Year, Volume, Issue, Page(s):07, 69, , 377-382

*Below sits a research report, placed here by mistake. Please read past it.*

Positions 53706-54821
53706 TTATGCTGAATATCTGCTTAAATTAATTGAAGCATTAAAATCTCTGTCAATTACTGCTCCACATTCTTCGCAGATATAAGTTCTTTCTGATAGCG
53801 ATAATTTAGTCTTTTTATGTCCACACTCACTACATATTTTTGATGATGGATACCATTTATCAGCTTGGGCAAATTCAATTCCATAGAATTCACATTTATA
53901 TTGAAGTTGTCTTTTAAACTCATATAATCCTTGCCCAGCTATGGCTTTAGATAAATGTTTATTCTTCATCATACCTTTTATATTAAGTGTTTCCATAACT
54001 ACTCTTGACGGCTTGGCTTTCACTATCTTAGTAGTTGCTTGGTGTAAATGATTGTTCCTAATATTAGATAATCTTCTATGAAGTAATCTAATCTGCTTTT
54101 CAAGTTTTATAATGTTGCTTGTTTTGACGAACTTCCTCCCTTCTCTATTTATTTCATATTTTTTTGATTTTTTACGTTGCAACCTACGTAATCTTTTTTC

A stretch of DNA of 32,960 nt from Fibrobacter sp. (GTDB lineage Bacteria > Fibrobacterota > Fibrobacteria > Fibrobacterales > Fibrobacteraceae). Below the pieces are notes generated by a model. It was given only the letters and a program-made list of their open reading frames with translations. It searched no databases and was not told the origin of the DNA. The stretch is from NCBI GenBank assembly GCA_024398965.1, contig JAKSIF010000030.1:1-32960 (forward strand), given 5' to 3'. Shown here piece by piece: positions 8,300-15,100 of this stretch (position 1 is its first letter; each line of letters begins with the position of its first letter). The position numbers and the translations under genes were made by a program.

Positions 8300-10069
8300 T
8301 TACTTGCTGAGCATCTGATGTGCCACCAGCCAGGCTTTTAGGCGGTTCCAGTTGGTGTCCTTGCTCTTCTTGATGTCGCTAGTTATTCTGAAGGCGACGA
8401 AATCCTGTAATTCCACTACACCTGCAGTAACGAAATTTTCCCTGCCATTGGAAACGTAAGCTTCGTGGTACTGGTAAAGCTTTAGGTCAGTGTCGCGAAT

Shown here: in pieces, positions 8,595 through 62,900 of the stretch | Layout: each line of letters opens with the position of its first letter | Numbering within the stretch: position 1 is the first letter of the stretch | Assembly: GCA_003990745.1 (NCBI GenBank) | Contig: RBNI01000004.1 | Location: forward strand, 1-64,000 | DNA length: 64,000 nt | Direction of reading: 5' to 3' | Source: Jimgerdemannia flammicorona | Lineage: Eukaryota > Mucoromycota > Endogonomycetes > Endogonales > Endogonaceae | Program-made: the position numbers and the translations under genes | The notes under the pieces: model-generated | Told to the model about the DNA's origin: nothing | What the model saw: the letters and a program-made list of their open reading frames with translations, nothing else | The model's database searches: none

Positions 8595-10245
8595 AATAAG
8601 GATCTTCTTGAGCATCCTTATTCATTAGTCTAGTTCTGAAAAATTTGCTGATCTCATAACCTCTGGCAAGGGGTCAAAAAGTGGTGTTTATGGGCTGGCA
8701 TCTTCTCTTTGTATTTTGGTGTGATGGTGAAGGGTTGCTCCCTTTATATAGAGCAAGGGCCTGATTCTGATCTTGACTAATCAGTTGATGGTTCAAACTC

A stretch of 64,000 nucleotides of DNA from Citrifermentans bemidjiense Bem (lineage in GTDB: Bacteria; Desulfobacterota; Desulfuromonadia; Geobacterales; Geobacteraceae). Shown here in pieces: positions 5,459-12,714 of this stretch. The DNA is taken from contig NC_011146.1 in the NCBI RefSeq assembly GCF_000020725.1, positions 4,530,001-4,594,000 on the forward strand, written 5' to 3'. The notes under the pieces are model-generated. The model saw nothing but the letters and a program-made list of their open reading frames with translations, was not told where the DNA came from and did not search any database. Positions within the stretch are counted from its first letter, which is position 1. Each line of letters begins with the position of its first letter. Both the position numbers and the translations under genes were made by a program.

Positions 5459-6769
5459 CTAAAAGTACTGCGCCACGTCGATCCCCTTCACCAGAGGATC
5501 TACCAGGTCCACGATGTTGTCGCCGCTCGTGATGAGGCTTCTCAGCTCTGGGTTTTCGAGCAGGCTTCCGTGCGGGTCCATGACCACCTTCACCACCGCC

Objective: To determine the prevalence of major psychiatric illness in a group of young adults who suffered significant burn injury as children. Method: A total of 101 persons (58 males, 43 females), aged 21 2.6 years, 14.0 5.4 years postburn of 54% 20% total body surface area, were assessed for serious past and present mental illness by using a Structured Clinical Interview (SCID) for Diagnostic and Statistical Manual of Mental Disorders, 4th Edition (DSM-IV) Axis I diagnoses. Results: The SCID findings demonstrated that the prevalence of any Axis I major mental illness was 45.5% for the past month (current) and 59.4% for lifetime. These rates of overall disorder and the rates for most specific disorders were significantly higher than those found in the US population of comparable age. Logistic regression was used to examine demographic and burn characteristics as predictors of current and lifetime psychiatric disorder within the burn survivor sample. The female gender was significantly associated with higher rates of any current disorder. Other demographic and burn characteristics were not significantly related to the overall prevalence of current or lifetime disorder. Only a small number of those with disorders reported any current mental health treatment. Conclusions: Significant burn injury as a child leads to an increased risk of developing a major mental illness. Young adults who suffered major burn injury as children should be screened for these illnesses to initiate appropriate treatment.